Law Prof Predicts Supreme Court Will Uphold S.B. 1070

By Jon Feere and Jon Feere on December 15, 2011

Temple University law professor (and CIS Fellow) Jan Ting analyzes the Supreme Court's decision to hear Arizona v. United States and predicts that S.B. 1070 will be upheld as constitutional in a new op-ed:

Arizona law will be upheld
The U.S. Supreme Court did not have to commit itself, as it did Monday, to deciding the constitutionality of Arizona's anti-illegal immigration statute, Senate Bill 1070. The justices could have allowed the lower federal courts, which have temporarily enjoined enforcement of portions of the law at the request of the Obama administration, to proceed with a trial on the statute's constitutional merits. Or they could have waited until lower courts ruled on challenges to similar statutes in Alabama, South Carolina, Oklahoma, and Georgia.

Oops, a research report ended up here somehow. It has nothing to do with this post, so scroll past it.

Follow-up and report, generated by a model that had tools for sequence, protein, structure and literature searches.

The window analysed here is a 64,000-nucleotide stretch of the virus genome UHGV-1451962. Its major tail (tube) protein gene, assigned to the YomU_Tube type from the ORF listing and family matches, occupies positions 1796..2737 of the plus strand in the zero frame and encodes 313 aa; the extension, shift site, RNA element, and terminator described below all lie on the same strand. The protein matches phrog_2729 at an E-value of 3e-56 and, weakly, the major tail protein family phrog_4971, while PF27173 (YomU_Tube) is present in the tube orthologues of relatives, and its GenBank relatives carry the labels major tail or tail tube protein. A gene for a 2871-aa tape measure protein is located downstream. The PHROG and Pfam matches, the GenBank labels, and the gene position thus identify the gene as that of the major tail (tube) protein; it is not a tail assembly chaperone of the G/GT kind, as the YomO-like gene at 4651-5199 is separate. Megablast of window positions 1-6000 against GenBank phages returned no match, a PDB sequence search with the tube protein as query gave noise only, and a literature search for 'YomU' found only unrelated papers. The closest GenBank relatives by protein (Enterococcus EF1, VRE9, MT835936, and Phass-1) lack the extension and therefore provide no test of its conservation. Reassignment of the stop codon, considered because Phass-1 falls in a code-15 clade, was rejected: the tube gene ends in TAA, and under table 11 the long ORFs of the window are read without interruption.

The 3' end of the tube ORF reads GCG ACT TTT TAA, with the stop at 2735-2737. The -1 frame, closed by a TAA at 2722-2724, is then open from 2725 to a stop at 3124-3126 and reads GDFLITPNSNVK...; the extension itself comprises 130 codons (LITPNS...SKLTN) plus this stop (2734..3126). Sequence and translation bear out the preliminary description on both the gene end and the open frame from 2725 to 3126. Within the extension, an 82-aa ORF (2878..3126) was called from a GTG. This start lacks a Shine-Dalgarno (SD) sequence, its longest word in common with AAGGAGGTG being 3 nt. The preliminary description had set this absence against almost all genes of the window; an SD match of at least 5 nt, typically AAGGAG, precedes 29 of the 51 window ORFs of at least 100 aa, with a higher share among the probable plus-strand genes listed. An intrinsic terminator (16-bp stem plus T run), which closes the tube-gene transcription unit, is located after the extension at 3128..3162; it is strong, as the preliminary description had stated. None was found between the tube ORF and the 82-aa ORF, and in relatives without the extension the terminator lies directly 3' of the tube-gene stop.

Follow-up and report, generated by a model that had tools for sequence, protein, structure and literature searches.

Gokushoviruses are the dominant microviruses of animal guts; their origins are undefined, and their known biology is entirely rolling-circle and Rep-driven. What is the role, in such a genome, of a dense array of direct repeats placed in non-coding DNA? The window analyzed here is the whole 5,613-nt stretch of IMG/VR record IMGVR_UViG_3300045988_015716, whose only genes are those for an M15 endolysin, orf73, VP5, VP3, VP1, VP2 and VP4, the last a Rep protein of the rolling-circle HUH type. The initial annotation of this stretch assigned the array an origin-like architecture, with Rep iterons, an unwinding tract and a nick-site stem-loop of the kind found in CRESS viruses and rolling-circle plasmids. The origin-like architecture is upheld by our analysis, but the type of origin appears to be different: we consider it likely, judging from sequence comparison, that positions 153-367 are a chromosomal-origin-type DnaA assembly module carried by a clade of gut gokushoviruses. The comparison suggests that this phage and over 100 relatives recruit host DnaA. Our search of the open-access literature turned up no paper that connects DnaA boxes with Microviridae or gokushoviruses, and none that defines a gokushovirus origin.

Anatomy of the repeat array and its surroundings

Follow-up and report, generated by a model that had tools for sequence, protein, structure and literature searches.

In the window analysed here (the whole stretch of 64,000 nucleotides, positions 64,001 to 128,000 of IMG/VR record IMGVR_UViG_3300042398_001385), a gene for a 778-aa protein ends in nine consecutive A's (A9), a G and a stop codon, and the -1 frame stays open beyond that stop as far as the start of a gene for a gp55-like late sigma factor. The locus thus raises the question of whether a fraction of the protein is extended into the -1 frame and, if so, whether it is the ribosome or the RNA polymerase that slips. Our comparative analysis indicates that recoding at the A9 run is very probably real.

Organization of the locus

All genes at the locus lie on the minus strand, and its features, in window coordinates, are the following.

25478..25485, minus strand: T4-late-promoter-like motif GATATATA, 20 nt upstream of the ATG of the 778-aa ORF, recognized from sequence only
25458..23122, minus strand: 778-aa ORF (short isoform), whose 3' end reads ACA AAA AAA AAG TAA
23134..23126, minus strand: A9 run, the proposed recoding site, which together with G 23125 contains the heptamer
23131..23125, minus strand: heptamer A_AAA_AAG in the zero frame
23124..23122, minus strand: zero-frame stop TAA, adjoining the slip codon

The Obama administration had urged the Supreme Court to hold off weighing Arizona's defense of its law even as the administration proceeds with challenges against similar laws of other states. But the Supreme Court refused. It agreed to resolve the ongoing dispute over state and local enforcement of federal immigration laws, and to do so promptly, in the midst of a presidential election campaign.

Read the whole thing here.